Capturing Life on the Streets of L.A.
It’s said that a picture is worth a thousand words but often times, we don’t get to hear the story behind the photos we come across. For budding photographer Melissa Turner, capturing a moment allowed her to see new perspectives and emotions in the things and places she photographed.
When she moved from Florida to Los Angeles in 2011, she was surprised by the stark contrasts within the city. “I wasn’t expecting to see as many homeless people throughout L.A.,” she said. “There are so many world-famous attractions and more bars and restaurants than you can count, but it’s also a city with a lot of poverty.”
Knowing she wanted to help her new community, Melissa started volunteering with different organizations throughout Skid Row. From handing out sandwiches to sorting donations, she got a glimpse of the struggles homeless Angelenos have to face. As she became more involved in her volunteer work, her passion for photography grew right along with it. Besides photographing L.A.’s iconic cityscapes and unique architecture, she also took interest in capturing portraits of L.A.s diverse residents.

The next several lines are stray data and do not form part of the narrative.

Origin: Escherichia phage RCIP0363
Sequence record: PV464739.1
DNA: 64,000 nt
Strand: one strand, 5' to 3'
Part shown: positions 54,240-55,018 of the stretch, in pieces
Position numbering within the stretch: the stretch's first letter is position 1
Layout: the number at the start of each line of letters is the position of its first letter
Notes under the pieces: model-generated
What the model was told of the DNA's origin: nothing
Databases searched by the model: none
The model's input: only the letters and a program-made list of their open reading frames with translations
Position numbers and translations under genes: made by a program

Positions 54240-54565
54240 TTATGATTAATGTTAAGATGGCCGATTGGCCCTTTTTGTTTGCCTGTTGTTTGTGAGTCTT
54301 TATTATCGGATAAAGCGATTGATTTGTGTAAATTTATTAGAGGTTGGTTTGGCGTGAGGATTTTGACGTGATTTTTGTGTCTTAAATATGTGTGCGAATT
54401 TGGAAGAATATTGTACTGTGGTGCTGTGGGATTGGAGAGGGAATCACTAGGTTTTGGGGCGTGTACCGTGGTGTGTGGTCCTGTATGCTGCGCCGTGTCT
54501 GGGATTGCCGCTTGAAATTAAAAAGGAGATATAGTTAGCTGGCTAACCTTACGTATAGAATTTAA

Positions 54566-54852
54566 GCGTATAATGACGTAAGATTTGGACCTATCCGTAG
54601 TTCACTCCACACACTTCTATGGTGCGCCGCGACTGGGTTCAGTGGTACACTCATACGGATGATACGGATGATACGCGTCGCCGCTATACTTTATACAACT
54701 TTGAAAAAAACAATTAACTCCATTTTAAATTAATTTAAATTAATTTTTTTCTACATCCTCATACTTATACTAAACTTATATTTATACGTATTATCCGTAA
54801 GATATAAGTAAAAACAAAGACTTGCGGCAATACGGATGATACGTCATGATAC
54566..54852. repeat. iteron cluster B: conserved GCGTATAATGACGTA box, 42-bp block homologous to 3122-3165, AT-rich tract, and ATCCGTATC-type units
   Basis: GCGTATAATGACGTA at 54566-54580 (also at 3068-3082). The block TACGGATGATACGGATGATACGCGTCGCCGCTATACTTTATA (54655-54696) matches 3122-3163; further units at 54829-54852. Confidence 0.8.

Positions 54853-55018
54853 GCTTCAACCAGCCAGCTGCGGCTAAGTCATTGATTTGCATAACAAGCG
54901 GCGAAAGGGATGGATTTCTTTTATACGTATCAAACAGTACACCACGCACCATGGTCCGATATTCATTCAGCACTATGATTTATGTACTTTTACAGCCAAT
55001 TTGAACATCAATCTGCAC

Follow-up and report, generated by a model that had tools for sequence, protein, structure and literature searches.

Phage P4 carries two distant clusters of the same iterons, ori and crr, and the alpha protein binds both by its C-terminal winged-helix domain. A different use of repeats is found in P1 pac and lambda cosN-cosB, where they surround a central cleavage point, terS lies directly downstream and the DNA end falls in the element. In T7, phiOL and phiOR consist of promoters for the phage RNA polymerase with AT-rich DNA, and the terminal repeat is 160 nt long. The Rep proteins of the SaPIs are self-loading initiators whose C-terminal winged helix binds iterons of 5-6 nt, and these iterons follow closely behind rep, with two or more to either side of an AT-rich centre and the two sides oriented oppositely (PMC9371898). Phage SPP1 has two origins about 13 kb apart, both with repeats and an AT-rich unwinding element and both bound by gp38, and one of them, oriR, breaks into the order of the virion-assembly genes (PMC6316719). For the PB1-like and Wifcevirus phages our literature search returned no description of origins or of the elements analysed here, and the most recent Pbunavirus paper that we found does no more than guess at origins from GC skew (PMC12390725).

“Downtown L.A. is one of my favorite neighborhoods to shoot. It’s a street artists’ playground and the murals make for unique backdrops against the city lights.”
It was on the corner of 6th and Spring Street that she took one of her most eye-catching photographs. Standing to the left of the 50x120 foot mural by famed local artist Robert Vargas was a homeless individual who was surprised Melissa wanted to take his photo. The mural titled “Our Lady of DTLA” is meant to be a symbol of light and strength for the ever-changing downtown landscape.
“As Downtown L.A. continues to experience its resurgence into a metropolitan hotspot, some of L.A.’s most vulnerable residents live within its walls,” she said. “Now, more than ever it’s important we live with empathy and good intentions.”
United Way of Greater Los Angeles is committed to giving a voice to the voiceless, to empowering Angelenos living in poverty to rise above their situations. But we can’t do it alone. See how you can help!